Stella! is Stellar


Pierre Gagnaire, Scott Boswell and Daniel Boulud at Starchefs ICC 2009

Scott Boswell is a man driven to be the best at what he does. He has spent stints at many of the country's and the world's best restaurants from NYC to Chicago to Paris to Tokyo and many places in between, all in an effort to learn in order to apply to his own personal craft. His globetrotting with a purpose is evident in his food. Chef Boswell has become known for seeking the best ingredients from wherever he can find them. I can only imagine that his Fedex bills for his flagship restaurant, Stella! are larger than many a restaurant food budget. Despite his global outlook, Stella! remains a restaurant of New Orleans, blending his exotic ingredients with local techniques, foods and tradition.

Stella!, a difficult restaurant to categorize. Including influences from his native New Orleans as well as French, Italian and Japanese, Stella! is none of those nor is it like any other restaurant that I have been to. The room is cozy and comfortable, reminding me of a French country restaurant. The service is polished and formal, more reminiscent of a European location than most of its American cousins, yet despite its relative formality, it is neither stiff nor condescending.

I arrived with my wife and son on the Friday evening before Chef Boswell and his lovely wife, Tanya, were to leave for Spain to celebrate their second wedding anniversary at elBulli. It was no accident that I dined there on that evening. I met Scott Boswell and his lovely wife, Tanya, in NYC this past September at the Starchefs ICC. We discussed New Orleans and the fact that I would be visiting for a medical meeting as well as to see our son, who is attending Tulane. Stella! had already been on my radar for some time, which had been accentuated this past spring when my wife and son dined there without me while on a visit for his college orientation. It was in NYC that I learned that the Boswells would be leaving the day after my wife and I were to arrive. Happy that we would have at least one night's overlap, I made my reservation for that night.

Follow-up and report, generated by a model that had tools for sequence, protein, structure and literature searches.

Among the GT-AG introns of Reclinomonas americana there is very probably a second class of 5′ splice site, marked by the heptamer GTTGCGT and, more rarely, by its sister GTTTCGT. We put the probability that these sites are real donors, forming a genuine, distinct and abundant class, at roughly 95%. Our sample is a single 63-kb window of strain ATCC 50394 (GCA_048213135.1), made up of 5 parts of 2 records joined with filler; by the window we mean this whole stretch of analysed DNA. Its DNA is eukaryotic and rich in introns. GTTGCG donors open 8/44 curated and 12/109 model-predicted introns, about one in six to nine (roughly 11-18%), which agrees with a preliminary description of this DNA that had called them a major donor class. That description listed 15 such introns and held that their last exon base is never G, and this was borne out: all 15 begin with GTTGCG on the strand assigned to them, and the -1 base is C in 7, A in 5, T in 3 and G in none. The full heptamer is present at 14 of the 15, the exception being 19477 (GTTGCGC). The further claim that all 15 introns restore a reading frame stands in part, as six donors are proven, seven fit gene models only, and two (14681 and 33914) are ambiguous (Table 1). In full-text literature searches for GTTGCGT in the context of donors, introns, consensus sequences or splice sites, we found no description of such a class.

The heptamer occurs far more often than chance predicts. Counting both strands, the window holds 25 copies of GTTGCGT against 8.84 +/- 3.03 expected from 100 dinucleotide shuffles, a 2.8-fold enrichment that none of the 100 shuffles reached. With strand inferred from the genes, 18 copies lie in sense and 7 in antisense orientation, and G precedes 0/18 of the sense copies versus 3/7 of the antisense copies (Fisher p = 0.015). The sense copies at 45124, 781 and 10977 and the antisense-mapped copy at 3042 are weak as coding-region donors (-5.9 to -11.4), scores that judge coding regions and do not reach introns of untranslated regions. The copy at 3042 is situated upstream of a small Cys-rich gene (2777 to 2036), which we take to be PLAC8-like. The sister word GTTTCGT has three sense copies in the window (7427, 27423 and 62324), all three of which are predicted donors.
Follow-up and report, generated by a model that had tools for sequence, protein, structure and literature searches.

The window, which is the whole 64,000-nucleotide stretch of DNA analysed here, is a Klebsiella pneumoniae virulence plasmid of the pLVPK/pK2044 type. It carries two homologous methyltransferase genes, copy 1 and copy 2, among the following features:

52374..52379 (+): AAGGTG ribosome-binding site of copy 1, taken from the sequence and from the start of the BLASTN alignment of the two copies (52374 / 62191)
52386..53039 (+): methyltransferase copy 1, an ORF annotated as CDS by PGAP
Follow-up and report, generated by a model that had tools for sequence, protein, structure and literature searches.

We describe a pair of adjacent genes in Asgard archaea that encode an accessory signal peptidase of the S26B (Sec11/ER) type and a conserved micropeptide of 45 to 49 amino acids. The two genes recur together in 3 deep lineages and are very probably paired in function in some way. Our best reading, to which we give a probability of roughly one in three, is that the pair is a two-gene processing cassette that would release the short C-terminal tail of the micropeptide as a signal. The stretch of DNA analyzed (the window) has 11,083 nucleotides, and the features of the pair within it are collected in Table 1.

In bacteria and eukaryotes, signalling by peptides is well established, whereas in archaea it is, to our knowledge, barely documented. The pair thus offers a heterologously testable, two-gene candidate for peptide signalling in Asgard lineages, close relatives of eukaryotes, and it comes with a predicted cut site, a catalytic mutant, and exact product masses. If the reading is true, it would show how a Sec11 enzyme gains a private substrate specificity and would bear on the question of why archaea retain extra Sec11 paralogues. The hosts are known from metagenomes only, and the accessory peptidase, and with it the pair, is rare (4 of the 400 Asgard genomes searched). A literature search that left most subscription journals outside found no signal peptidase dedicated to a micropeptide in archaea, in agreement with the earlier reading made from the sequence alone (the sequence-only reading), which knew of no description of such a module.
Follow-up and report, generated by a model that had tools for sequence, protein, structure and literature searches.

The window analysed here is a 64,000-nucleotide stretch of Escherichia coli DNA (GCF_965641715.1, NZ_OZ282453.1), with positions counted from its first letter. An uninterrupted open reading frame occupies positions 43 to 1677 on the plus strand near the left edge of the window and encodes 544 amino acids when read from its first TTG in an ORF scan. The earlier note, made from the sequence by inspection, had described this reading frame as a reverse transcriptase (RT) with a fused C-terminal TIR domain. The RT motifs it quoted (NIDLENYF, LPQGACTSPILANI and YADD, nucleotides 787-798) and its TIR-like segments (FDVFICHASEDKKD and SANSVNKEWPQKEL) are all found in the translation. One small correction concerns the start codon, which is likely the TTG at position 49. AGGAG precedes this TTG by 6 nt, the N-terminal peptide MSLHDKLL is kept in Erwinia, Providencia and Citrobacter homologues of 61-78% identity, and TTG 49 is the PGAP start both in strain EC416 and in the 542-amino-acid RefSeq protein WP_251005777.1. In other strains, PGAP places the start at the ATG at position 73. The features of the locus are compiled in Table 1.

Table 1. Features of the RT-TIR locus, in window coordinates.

Our flight to New Orleans was delayed out of Tampa putting us a half hour late for our reservation. I was starting out the evening a bit irritated and that is never good. I called ahead to the restaurant. They told me not to worry and once we arrived, we were seated without a hitch. Now settling down and relaxing, I was in a mood to welcome a nice Pimm's Cup, while my wife enjoyed a glass of Piper Hiedsick Champagne. We elected the 7 course tasting menu at $115pp to give us a sense of the restaurant's breadth. With that, my wife and I opted to indulge in the wine pairings for an additional $75pp.

With few exceptions, I have always preferred oysters simple, unadorned and tasting of the sea, abetted only by a bit of lemon. Our first amuse at Stella! consisted of an oyster that pushed that envelope and cast it aside.I smiled when I tasted the Alaskan oyster on the half shell with pickled ginger wasabi granita. This had balance, flavor and somehow maintained the flavor of the oyster, all the while enhancing it. I knew that we would be in for a good show.


A second amuse followed. While the first amuse didn't really speak of New Orleans – the oyster was from Alaska and not the Gulf – this one did employ a local element, even while displaying Chef Boswell's multicultural finesse. Kimchee spiced Louisiana gulf shrimp with crisp taro root & mango champagne purée combined one of the area's great products – shrimp- with a veritable multicultural kaleidoscope, that somehow worked and worked beautifully maintaining great harmony and balance both in flavor and texture. Chef Boswell has developed a reputation for kimchee, as displayed on Daniel Boulud's After Hours with Daniel, the show that first really brought Chef Boswell and Stella! to my attention. This was my first taste of any of Chef Boswell's kimchees and it was a good one. It wouldn't be the last.


One more amuse followed. This was a crisp kabayaki won ton with coconut curry & sweet red chili. It is clear that Chef Boswell is comfortable with Asia. Each of the first three bites incorporated Asian elements and incorporated them effectively. The first clearly contained a strong Japanese influence. The second a pronounced Korean influence and the third Japanese and Thai.


His Asian theme continued into the first official course of the Tasting Menu, Tempura Tsukiji Market Japanese Anago with Last of the Summer Spicy Melon Kimchee, Aguni Sea Salt Flowers and Spicy Sweet Red Chili. This was a sensational course that I already highlighted a Taste of the Week. I was particularly blown away by the texture and taste of the fish's crispy spine.